The chief negotiators from the European Union and United Kingdom are making last-ditch efforts to bridge differences on a post-Brexit trade deal that have proved insurmountable for the best part of the year
British Prime Minister Boris Johnson and European Commission President Ursula von der Leyen are expected to speak early Sunday afternoon. They have said they will decide whether to continue negotiating or admit talks have failed and start preparing 500 million people in Britain and the bloc for a chaotic and costly no-deal split at the end of the month.
Negotiators Michel Barnier of the EU and Britain’s David Frost were already meeting just after dawn Sunday to try to reach a middle ground. But so far, the U.K. hasn’t backed down from its insistence on trading with the 27-nation bloc with as few restraints as possible, and the EU isn’t yielding on its demand to accept trade only if Britain respects the rules of the bloc.
“There is still I think a long way to go,” British Foreign Secretary Dominic Raab said.
Britain left the EU on Jan. 31, but remains in its economic structures until a transition period ends on Dec. 31.
Whether it’s a negotiating ploy or not, Johnson has publicly said the U.K. would still thrive mightily if there is no deal and it was “very, very likely” that negotiations on a new relationship that will take effect on Jan. 1 will fail.
Without a deal U.K. will trade with the bloc on World Trade Organization terms — with all the tariffs and barriers that would bring.
The U.K. government has acknowledged a chaotic exit is likely to bring gridlock at Britain’s ports, temporary shortages of some goods and price increases for staple foodstuff. Tariffs will be applied to many U.K. goods, including 10% on cars and more than 40% on lamb.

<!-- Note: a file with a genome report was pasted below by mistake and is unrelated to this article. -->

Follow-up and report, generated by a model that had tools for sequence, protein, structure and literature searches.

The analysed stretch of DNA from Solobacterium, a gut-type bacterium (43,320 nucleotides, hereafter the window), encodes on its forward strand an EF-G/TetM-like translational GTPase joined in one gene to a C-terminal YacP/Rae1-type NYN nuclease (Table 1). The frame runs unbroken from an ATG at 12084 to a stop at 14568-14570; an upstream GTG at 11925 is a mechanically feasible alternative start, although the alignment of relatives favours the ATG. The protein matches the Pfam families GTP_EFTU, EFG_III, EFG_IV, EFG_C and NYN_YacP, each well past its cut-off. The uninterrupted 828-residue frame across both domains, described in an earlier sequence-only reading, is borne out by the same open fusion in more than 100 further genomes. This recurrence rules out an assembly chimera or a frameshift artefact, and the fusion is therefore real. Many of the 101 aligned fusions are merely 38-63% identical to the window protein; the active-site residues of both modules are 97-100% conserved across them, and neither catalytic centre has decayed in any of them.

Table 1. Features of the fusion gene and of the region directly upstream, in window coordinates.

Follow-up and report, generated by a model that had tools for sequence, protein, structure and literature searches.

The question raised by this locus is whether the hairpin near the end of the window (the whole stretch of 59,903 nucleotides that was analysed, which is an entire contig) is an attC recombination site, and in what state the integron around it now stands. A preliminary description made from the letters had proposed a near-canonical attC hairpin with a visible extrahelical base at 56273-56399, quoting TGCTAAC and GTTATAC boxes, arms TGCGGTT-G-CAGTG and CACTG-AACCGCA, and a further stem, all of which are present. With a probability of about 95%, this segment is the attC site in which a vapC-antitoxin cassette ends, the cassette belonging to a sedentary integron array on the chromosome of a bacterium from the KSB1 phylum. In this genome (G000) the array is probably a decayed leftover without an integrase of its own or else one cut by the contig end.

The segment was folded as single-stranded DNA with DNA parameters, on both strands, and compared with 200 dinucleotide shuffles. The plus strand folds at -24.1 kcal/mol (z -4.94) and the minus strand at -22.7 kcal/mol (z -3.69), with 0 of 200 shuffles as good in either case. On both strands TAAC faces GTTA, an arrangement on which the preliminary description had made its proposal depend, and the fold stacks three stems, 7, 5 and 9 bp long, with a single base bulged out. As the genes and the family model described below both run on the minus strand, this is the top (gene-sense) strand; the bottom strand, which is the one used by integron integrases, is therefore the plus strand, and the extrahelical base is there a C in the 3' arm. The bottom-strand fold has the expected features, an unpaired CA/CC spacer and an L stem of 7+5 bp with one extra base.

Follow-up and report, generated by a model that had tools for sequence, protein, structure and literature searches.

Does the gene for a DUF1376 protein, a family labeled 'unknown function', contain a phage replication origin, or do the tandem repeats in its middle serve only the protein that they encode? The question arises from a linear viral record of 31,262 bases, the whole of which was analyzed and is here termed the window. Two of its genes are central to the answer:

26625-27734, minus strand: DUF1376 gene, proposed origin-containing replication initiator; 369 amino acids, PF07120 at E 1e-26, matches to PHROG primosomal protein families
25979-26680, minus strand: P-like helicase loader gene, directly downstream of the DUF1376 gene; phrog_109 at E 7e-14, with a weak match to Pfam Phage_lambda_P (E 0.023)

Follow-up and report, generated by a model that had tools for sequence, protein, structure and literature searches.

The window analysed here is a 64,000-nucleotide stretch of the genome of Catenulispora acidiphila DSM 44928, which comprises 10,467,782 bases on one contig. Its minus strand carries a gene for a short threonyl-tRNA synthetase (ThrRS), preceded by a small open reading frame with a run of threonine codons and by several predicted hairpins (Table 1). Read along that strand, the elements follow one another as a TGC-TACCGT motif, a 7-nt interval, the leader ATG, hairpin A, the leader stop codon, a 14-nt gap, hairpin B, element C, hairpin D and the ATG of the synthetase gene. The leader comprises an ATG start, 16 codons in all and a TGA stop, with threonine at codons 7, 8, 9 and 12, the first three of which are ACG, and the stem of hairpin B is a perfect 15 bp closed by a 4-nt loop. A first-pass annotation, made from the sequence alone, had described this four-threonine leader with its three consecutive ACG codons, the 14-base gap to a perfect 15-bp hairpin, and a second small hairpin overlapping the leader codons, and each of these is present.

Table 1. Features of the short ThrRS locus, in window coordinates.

Still, Johnson says the U.K. will “prosper mightily” on those terms.
To jumpstart the flagging talks, negotiators have imposed several deadlines, but none have brought the sides closer together on the issues of fair trading standards, legal oversight of any deal and the rights of EU fishermen to go into U.K. waters.
While both sides want a deal on the terms of a new relationship, they have fundamentally different views of what it entails. The EU fears Britain will slash social and environmental standards and pump state money into U.K. industries, becoming a low-regulation economic rival on the bloc’s doorstep, so is demanding strict “level playing field” guarantees in exchange for access to its markets.
The U.K. government claims the EU is trying to bind Britain to the bloc’s rules and regulations indefinitely, rather than treating it as an independent nation.
Britain’s belligerent tabloid press urged Johnson to stand firm, and floated the prospect of Royal Navy vessels patrolling U.K. waters against intruding European vessels.
But others, in Britain and across the EU, urged the two sides to keep talking.
Irish Prime Minister Micheal Martin, whose economy is more entwined with Britain’s than any other EU state, said he “fervently” hoped the talks wouldn’t end Sunday.
“It is absolutely imperative that both sides continue to engage and both sides continue to negotiate to avoid a no-deal,” Martin told the BBC. “A no-deal would be very bad for all of us … We are interdependent.
“Even at the 11th hour, the capacity in my view exists for the United Kingdom and the European Union to conclude a deal that is in all our interests.”
Jill Lawless reported from London.
Follow all AP stories about Brexit and British politics at https://apnews.com/hub/brexit